You can collect segmentation data by asking for it directly in your contact form — but be selective about your request. Overly long forms can be turn-offs. 

Instead of asking subscribers for the data you want, use a list-building tool that connects to your website and tracks user activity. Start by targeting two or three large groups with broad needs — “website visitors who have browsed kids’ products” instead of “women between 30 and 45 with three children living in Colorado.”

Deliver valuable and relevant content

The way to impress personalization-hungry subscribers is to offer content they can use. You entice them to sign up with a promise of value, as in this example from the Mad Fientist podcast:

Content download lead gen from Mad Fientist.
This landing page from Mad Fientist teases the answer to an intriguing question, promising content subscribers can’t get elsewhere. Plus, check out the social proof and “zero spam” promise under the call-to-action button. Image source: Mad Fientist

This is what marketers call a lead generation offer or content upgrade. A potential subscriber encounters your brand and it seems like a good fit, so they sign up to receive something extra.

That “something extra” needs to deliver on its promise. Provide your readers with information or offers they can’t get anywhere else. The goal is to keep them engaged until they convert.

Encourage engagement and re-engagement

The best content engages current readers and expands your audience. Supercharge your emails by encouraging subscribers to forward and share content with others who might be interested. All you need is a shareable link and a simple message like “Share this” or “Forward to a friend.”

You can even use email content to re-engage inactive subscribers. A stale list can hurt your deliverability scores and damage your open rates, so it’s worth sending a “come back” message occasionally. Select a high-performing content piece or exciting offer and work it into a re-engage campaign. Make sure you include a CTA so lapsed readers know what to do next.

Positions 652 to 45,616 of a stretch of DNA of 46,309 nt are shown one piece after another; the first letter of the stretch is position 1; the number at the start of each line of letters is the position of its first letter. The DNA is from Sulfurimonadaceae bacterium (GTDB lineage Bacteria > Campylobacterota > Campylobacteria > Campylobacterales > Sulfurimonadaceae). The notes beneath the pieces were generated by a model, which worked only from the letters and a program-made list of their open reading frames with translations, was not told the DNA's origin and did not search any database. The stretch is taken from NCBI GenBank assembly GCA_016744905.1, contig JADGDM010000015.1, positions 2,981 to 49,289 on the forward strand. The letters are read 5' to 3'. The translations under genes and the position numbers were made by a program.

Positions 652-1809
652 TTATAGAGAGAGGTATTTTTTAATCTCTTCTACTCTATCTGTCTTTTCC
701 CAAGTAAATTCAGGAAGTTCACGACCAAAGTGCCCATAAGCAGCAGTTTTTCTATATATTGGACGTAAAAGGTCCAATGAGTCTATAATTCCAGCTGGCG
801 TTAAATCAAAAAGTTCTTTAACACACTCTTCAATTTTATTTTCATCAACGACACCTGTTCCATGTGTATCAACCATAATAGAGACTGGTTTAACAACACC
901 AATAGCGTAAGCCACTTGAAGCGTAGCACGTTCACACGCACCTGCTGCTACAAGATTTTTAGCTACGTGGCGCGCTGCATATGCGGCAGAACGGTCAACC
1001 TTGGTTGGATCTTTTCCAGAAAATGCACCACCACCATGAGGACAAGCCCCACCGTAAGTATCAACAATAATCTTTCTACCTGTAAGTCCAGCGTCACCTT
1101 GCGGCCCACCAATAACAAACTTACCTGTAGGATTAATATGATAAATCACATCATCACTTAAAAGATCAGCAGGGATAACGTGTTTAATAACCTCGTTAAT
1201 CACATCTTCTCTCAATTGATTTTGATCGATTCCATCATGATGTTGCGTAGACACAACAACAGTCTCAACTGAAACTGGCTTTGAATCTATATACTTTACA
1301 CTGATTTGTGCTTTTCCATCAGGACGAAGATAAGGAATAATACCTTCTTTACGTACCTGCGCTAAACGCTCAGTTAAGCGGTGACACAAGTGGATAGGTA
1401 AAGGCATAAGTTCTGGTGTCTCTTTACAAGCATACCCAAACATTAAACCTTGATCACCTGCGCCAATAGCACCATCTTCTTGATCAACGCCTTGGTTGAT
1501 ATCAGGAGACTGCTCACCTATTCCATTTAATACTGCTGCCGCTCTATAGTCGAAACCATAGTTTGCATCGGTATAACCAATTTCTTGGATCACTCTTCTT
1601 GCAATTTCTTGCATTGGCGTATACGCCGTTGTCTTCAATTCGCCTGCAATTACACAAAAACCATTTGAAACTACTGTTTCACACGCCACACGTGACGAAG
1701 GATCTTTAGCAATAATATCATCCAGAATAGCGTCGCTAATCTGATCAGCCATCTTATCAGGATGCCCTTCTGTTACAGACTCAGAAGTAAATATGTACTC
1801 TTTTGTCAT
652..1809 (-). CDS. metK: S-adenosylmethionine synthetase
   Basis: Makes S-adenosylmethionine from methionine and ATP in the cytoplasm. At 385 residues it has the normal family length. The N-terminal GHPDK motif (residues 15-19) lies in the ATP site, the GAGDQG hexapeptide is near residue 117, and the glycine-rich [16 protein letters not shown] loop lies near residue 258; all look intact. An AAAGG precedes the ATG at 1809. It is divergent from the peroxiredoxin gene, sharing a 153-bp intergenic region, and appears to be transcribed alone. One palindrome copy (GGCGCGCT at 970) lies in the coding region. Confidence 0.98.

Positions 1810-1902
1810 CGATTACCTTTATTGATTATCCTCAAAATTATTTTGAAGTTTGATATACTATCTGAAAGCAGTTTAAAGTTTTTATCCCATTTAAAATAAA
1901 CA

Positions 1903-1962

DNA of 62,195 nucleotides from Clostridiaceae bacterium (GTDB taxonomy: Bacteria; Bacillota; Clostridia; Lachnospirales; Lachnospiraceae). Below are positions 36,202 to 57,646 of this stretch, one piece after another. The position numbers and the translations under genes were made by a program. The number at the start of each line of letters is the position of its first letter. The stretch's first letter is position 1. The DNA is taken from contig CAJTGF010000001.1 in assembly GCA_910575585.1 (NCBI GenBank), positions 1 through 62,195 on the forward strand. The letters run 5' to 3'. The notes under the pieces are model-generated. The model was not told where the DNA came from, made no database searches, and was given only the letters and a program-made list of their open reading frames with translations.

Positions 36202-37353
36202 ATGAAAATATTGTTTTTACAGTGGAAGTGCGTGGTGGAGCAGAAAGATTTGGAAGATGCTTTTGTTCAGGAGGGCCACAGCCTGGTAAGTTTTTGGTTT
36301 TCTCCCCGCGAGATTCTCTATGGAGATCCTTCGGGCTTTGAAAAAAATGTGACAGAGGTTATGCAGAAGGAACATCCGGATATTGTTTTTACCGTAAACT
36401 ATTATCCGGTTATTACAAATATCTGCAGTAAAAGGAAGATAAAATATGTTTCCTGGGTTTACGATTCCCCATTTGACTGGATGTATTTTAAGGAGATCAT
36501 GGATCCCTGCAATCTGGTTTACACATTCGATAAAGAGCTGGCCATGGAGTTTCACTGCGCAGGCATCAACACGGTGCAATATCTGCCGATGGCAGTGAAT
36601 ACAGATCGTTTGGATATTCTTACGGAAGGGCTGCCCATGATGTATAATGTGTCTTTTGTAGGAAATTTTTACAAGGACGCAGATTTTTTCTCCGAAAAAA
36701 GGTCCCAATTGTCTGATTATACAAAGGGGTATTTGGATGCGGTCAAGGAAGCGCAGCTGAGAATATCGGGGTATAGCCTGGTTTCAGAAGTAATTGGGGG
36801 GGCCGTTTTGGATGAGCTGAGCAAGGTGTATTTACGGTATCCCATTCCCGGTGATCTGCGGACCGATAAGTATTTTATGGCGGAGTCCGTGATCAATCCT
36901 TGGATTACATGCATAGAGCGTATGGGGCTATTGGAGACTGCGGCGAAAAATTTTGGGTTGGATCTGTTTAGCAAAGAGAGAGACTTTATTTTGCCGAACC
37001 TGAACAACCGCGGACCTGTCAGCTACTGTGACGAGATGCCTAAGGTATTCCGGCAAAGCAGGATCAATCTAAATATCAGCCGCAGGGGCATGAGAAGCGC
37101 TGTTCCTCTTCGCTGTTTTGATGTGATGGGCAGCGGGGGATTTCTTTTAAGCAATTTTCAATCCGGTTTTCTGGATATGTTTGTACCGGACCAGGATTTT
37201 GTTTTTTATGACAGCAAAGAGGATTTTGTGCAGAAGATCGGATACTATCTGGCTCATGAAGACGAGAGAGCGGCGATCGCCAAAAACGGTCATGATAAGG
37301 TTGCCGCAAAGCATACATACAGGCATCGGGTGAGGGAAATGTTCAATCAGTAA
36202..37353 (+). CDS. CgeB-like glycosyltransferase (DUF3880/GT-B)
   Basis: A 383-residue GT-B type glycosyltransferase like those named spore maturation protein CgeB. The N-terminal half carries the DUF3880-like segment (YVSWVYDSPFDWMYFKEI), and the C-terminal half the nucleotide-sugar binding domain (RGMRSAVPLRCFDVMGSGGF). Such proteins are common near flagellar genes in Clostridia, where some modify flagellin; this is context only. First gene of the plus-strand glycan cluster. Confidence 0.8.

Utilizing social media and website strategies

Some email marketing database subscribers will sign up after navigating to your website, maybe through social media, a paid ad, or organic search results. Here’s what you can do to catch their attention before you can turn website visitors into signups.

Optimize your website layout

Place your signup form as prominently as possible without overpowering other essential content. Some brands turn their hero image right under the navigation banner into an opt-in form. Others place a link in a sidebar or include it as part of the menu, then have that link go to a landing page.

Customer reviews should include only the signup form and a customer review. Strong reviews provide valuable social proof, showing potential subscribers that customers like them find you helpful and relevant.

Run contests and promotions

A social media contest is a fun and engaging way to get subscribers. Contests are inherently interactive and promote value, warming people to your brand.

Page visitors can submit their email addresses to enter, and you follow up with a “good luck” message. Include teasers of other valuable content, and you have the makings of a long-term interested subscriber.

Social media also lets you reach more people with discounts and promotions. Run Facebook or Instagram ads that link to promotion landing pages. Include signup offers on those landing pages, and you have two pathways to conversion.

Ask your followers to subscribe

If you share longer-form social media content, such as YouTube videos or Instagram Reels, add a call to subscribe. People who watch your video are interested in the topic, so remind them you have more to offer. A single sentence is plenty: “If you enjoyed this video, click the link below for exclusive content.” Customize your pitch with details about what you send, or keep it relatively general.

If you have a B2B marketing customer database, use your LinkedIn profile to scout for signups. Share valuable content and create downloadable lead magnets that offer more. Checklists, guides, and ebooks are popular options.

Finally, add CTAs to your profiles on all active accounts. If someone clicks through your post to your bio, they want to learn more about you. Take advantage of that by inviting them to sign up.

Collaborating for list growth

Co-marketing with a non-competing business can get your email marketing database in front of even larger audiences, often with less cost than running an ad. All you need to do is find a company that serves your audience but in a different way. Then, ask if they’d like to offer mutual discounts for signups.